LAHORE - Punjab Chief Minister Shahbaz Sharif claims credit for completing the Rs30 billion Metro Bus Project in Lahore in just eleven months but he failed to spare funds for completion of the new building for the Punjab Assembly, which should have been functional seven years ago.
The new building was constructed because the existing one built in 1935 was not sufficient for 371 members as the strength of the Punjab Assembly was raised before the 2002 elections.
As the completion is being delayed, the cost is going up by every passing day. At present, it is estimated more than one billion will be needed for completion of the work. The delay in this project adds to assumptions that the incumbent political setup has no interest in converting the historic old assembly building into a national museum, as planned.
As per budgetary documents, the estimated cost for the construction of new building was 2.52 billion. An amount to the tune of Rs1.20 billion have been spent on the construction till June 2012 and estimated cost for additional construction in the assembly was Rs1.47 billion but 760 million of it could be spent till June 30, 2012. Moreover, the cost of extension of the assembly was estimated as Rs1.5 billion but only 440 million rupees could be spent till June 2012.
A Nespak consultant said the delay would cost millions of rupees to the exchequer. He said that the present government must complete the new building and preserve the old one two storey building that presents a rare admixture of grandeur and good looks. “The more you linger on, the less will be the age of the old house after preservation,” he said. He said if government lacked funds for its national asset, it must request the donors for help.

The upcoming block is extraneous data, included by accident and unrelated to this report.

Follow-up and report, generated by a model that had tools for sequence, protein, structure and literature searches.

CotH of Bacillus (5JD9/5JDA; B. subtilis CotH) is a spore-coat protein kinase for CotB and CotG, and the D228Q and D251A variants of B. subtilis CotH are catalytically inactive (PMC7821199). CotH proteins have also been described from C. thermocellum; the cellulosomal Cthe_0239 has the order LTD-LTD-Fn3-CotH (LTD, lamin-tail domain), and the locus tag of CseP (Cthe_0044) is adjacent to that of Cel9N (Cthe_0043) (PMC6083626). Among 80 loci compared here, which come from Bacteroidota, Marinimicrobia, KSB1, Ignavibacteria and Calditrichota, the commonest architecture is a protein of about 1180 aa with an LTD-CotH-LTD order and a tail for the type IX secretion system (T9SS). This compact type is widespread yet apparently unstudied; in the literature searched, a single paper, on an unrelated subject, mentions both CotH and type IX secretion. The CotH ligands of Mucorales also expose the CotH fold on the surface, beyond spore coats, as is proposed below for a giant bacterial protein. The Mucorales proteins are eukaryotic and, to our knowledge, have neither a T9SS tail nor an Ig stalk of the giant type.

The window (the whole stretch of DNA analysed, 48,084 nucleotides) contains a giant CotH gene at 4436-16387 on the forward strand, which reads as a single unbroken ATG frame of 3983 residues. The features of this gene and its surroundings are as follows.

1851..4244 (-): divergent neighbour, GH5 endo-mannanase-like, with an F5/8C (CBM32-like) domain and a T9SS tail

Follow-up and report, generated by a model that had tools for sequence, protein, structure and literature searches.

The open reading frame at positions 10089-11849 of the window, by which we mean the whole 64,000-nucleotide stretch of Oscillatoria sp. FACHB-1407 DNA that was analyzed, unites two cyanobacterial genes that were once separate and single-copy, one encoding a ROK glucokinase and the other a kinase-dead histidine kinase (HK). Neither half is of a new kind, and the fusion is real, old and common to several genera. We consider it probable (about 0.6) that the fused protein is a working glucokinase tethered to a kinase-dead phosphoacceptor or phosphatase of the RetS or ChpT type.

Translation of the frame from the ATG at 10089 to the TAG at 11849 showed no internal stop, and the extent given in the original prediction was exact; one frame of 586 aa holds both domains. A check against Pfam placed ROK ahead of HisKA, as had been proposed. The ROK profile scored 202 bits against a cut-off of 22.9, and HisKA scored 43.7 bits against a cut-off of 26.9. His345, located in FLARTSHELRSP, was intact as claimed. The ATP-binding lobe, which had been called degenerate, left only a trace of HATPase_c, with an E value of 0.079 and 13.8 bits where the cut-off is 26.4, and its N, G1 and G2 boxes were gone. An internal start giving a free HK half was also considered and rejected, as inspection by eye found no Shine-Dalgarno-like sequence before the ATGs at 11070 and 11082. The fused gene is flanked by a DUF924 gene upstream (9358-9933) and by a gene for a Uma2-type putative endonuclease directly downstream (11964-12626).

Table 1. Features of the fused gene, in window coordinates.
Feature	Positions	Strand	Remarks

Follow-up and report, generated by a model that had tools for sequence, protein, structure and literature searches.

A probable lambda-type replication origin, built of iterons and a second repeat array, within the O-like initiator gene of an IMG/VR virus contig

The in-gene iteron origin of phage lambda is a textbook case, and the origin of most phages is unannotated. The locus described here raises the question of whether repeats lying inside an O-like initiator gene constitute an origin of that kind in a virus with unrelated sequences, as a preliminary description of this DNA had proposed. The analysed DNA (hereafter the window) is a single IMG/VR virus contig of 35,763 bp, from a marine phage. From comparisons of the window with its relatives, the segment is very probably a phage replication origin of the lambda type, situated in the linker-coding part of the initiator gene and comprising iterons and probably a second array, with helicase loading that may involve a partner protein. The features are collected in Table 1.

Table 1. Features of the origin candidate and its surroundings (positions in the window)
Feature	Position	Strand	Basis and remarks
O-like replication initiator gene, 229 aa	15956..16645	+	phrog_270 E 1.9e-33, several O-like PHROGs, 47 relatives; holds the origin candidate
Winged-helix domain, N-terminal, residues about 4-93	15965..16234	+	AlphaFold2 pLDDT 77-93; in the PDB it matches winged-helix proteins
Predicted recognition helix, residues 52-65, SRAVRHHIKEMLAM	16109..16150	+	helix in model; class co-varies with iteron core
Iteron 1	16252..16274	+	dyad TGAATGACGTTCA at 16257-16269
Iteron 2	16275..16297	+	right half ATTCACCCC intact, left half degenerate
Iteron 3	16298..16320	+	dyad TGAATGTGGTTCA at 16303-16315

Requesting not to be named, an assembly official told this paper that the administration did not want to complete the building. Moreover, the complaints of financial embezzlement, use of substandard material and probing the factors behind undue delay were never addressed by the concerned quarters, he held. He said that the old house lacked required room for the respected members, journalists and the assembly staff.
Why the government is still reluctant to complete the assembly building despite ever increasing expenses remains unclear, said the ruling party MPA requesting anonymity. But another ruling party MPA defended the delay saying the old building is still serving the purpose so the government thinks that it should give priority to the issues of masses than spending money on the complex that has already consumed billions of rupees.
He said the government did not want to execute such lavish projects when the poor are finding it too hard to have a meal twice a day. He said that the administration wanted to resolve basic issues and did not intend to spend on luxuries. Pointing towards the austerity policy of the current regime, he stressed, the projects meant for the elite would be discouraged.
An opposition member said that the cost of delay in completion of the project would be multiplied in the coming years as rates of the construction material increase. “The project was started by the previous regime therefore the PML-N government is wantonly delaying its completion, he alleged. The former CM was assured of completion of the assembly complex by September 30, 2007 but this target was not met, he added.
He said that the old building must be preserved as a national asset as early as possible owing to its international status as the building was also used for hosting the Second Islamic Summit in 1974. Dignitaries of Islamic World assembled in this prestigious house to discuss and resolve issues the Ummah had been facing since decades. The house speaker and assembly secretariat secretary could not be reached for comments.
Another official of the Assembly said that the new hall, built at the grounds, was the biggest parliamentary house in the country as it could accommodate over 600 members. The existing assembly building was constructed in 1935 for housing only 58 members he told. But it was used to cater to the needs of 240 members until 1999. When the political process was restored in October 2002, the number of constituencies of the Punjab Assembly increased to 371.